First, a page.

- Desalination - impacts of brine disposal and energy supply.
- The effects of pesticides on wildlife, surrounding beaches and sea-life.
- Landscaping’s affect on natural flora and fauna.
We contend that the development of a golf course will irreparably impact the critical coastal marine ecosystems and vital biodiversity of this area, and that such degradation contravenes Saint Lucia’s commitment to achieving environmental and climate change resilience, biodiversity protection and sustainable development.
Historical & Cultural Heritage
Lastly, but certainly not least, this area is recognised as a site of immense archaeological importance to the history of the Caribbean region. Artifacts have been found throughout the area and significantly, in 2009, sacred Amerindian burial ground and ancient settlement were discovered by the Saint Lucia Archaeological & Historical Society and researchers from the Leiden University in The Netherlands. Lack of funding meant that the site was left intact but unsecured and now suffers from degradation due to traffic and erosion from exposure and encroaching seas.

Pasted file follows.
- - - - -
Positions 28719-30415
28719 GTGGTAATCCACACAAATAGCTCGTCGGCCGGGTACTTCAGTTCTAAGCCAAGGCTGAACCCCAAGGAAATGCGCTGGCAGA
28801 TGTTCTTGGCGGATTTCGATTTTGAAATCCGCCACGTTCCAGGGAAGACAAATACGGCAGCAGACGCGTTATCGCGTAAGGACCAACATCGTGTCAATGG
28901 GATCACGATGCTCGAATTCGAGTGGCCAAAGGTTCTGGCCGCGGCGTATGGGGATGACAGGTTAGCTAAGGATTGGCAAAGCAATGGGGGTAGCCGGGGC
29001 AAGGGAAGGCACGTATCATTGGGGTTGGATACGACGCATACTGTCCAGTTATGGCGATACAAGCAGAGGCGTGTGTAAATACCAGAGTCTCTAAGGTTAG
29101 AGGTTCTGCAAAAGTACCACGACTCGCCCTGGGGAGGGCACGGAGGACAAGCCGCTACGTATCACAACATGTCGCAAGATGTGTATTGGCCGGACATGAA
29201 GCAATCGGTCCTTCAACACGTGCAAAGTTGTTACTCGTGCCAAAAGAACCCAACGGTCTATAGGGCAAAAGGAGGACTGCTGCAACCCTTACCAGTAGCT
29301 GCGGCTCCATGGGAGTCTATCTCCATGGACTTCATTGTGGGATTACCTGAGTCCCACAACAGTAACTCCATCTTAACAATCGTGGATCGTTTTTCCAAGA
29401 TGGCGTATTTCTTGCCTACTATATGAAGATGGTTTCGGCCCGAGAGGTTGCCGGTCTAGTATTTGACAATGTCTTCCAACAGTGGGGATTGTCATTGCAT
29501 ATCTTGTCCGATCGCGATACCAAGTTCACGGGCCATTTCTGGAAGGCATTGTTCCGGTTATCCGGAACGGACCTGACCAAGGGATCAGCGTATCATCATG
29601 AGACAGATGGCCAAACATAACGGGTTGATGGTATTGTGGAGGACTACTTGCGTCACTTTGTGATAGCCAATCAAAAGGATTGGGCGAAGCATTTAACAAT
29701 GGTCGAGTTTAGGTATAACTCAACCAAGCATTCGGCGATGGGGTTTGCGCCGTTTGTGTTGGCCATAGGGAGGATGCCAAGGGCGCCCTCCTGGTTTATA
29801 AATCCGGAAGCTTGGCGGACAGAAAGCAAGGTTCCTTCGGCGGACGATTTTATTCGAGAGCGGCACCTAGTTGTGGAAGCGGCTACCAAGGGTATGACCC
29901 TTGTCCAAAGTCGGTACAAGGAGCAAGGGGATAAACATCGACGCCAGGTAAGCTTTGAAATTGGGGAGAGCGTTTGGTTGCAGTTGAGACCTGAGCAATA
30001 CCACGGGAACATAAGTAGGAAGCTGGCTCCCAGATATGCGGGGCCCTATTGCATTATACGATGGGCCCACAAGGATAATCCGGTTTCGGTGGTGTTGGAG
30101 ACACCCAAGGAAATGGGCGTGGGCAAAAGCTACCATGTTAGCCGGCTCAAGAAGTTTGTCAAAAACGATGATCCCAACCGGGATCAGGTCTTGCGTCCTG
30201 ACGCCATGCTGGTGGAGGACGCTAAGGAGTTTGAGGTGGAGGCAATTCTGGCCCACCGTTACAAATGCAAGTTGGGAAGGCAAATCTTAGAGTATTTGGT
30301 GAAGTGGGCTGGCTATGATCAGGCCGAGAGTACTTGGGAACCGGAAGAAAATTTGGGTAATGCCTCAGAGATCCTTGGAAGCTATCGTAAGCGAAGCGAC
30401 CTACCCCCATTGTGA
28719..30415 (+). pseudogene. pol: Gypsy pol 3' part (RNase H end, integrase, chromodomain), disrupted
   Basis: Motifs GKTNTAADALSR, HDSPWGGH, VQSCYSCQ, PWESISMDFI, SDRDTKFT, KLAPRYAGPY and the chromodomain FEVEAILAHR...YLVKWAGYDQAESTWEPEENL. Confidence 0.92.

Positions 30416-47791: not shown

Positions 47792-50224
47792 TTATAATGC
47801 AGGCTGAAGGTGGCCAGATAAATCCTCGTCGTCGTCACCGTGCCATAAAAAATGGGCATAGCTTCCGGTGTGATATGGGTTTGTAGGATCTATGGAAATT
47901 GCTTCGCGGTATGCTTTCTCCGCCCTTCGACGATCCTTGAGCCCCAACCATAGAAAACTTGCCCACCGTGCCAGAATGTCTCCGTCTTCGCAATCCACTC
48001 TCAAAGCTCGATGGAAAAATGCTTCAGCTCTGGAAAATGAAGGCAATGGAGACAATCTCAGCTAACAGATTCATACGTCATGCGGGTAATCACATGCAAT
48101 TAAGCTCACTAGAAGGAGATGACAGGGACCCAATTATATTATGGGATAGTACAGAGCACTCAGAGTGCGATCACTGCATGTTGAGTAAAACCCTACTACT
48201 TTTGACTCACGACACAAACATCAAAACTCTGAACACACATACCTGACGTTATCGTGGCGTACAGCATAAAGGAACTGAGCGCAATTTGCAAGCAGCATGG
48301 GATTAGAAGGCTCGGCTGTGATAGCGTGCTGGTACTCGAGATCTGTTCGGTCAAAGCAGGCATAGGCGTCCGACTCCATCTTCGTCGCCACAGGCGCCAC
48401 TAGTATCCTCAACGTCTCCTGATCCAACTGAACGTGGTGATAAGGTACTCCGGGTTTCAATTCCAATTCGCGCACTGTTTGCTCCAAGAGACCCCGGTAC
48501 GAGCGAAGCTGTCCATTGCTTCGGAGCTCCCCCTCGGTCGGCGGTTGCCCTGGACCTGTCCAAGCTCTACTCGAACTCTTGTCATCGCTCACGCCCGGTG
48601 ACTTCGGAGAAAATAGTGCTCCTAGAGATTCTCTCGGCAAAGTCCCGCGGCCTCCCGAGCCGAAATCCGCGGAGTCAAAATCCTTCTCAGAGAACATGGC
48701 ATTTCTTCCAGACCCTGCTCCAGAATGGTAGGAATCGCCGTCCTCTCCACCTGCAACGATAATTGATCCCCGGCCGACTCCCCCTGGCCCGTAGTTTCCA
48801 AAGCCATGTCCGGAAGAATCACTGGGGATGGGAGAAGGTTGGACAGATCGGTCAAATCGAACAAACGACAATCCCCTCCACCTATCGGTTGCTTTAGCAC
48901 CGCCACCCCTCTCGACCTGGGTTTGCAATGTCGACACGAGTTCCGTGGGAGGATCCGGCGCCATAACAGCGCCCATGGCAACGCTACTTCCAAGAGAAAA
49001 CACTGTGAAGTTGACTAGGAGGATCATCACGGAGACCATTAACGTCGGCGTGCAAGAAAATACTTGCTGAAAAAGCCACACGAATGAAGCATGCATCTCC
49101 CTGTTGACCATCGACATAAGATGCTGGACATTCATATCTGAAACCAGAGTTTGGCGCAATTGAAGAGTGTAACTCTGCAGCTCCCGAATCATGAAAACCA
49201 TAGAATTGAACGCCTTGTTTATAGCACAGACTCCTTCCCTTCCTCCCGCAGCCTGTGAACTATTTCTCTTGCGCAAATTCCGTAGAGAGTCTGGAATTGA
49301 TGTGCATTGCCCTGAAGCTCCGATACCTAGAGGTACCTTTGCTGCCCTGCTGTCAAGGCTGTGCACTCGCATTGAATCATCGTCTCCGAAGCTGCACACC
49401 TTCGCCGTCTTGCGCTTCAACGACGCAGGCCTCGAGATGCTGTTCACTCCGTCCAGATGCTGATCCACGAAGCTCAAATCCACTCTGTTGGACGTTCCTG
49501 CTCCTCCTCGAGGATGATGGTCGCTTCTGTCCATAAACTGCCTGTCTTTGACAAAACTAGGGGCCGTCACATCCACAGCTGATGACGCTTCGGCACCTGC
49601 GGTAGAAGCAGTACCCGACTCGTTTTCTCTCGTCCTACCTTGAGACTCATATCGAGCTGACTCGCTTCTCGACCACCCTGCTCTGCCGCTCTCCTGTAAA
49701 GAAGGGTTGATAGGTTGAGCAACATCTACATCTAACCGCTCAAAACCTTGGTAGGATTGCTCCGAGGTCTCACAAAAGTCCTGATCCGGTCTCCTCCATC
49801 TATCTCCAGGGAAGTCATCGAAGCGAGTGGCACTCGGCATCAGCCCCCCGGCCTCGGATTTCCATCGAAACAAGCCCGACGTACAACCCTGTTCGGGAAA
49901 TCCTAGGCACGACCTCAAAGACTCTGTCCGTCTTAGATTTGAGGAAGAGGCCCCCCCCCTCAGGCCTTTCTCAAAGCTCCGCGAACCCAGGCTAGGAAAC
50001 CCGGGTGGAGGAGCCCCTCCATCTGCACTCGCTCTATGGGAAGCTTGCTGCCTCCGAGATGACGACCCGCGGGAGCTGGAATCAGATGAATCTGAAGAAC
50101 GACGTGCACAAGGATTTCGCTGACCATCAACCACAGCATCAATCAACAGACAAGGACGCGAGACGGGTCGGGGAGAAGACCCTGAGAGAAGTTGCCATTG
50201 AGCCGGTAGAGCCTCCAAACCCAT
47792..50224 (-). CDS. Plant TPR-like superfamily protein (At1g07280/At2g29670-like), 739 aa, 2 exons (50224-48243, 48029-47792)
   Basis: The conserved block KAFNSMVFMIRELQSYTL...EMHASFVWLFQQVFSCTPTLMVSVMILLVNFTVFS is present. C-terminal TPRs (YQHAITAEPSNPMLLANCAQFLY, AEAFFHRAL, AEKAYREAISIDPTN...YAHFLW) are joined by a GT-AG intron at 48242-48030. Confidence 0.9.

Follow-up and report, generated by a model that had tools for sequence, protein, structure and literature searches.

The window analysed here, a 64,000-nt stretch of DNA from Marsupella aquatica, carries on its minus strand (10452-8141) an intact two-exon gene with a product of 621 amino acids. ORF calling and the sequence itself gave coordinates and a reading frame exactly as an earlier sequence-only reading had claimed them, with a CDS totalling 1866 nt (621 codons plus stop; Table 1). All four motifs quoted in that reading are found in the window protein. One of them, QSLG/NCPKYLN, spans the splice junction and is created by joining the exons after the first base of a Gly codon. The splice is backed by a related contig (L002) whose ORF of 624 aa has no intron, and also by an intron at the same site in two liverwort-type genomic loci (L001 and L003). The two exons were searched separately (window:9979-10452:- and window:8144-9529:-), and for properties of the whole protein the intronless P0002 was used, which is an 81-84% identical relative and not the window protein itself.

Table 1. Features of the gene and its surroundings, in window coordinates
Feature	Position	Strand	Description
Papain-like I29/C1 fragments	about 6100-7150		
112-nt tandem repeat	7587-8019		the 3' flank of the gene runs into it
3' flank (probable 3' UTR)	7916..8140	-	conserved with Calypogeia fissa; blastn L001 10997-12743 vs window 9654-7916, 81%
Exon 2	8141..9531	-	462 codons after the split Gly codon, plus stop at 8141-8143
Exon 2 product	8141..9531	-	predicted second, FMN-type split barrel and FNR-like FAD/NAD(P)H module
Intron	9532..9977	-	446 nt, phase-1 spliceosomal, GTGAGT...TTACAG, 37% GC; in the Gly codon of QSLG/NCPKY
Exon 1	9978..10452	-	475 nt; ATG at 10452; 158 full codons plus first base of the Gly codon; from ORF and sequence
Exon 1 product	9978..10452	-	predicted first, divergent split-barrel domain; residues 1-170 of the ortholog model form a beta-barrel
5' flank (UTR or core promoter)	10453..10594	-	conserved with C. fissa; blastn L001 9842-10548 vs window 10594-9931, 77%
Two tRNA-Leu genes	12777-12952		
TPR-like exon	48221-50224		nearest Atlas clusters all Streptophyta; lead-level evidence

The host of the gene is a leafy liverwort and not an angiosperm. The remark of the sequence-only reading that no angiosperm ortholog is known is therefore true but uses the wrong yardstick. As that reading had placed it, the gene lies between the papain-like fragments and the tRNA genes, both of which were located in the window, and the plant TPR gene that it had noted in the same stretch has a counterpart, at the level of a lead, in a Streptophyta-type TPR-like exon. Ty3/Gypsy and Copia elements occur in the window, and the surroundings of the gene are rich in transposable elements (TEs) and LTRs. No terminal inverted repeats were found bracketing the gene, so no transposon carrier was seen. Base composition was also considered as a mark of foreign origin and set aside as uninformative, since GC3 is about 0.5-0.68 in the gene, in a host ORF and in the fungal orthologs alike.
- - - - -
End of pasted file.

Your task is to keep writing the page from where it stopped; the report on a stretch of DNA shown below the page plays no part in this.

This contravenes the various UNESCO heritage conventions and agreements Saint Lucia has signed, ratified and aligned with(vi).
We contend our archaeological patrimony must be preserved and respected in a manner chosen by local experts and community and for the benefit of the local community.
(i)Saint Lucia National Trust; Saint Lucia Archaeological Society; et al.
(ii)“Decent work” involves opportunities for work that are productive and deliver a fair income, security in the workplace, social protection for families, better prospects for personal development and social integration, freedom for people to express their concerns, organise and participate in the decisions that affect their lives, and equality of opportunity and treatment for all women and men. https://www.ilo.org/global/topics/decent-work/
(iii)“Indigenous communities, peoples and nations are those which, having a historical continuity with pre-invasion and pre-colonial societies that developed on their territories, consider themselves distinct from other sectors of the societies now prevailing on those territories, or parts of them. UN definition
(iv)Queen’s Chain and the inalienable right of public access is enshrined in Volume 1 of the revised Land Laws of Saint Lucia 1957.
The Saint Lucia National Land Policy 2007, Pg.15, stipulates it will work “… in collaboration with all stakeholders…” in “…formulation of a Queen’s Chain policy that: • clearly defines policies on public access; • defines priorities, guidelines and options for improved management; • provides specific land use and development regulations; • allocates management authority according to primary land functions.”
(vi)UNESCO Convention Concerning the Protection of the World Cultural and Natural Heritage; UNESCO 2003 Convention for the Safeguarding of the Intangible Cultural Heritage; Sustainable Development Goals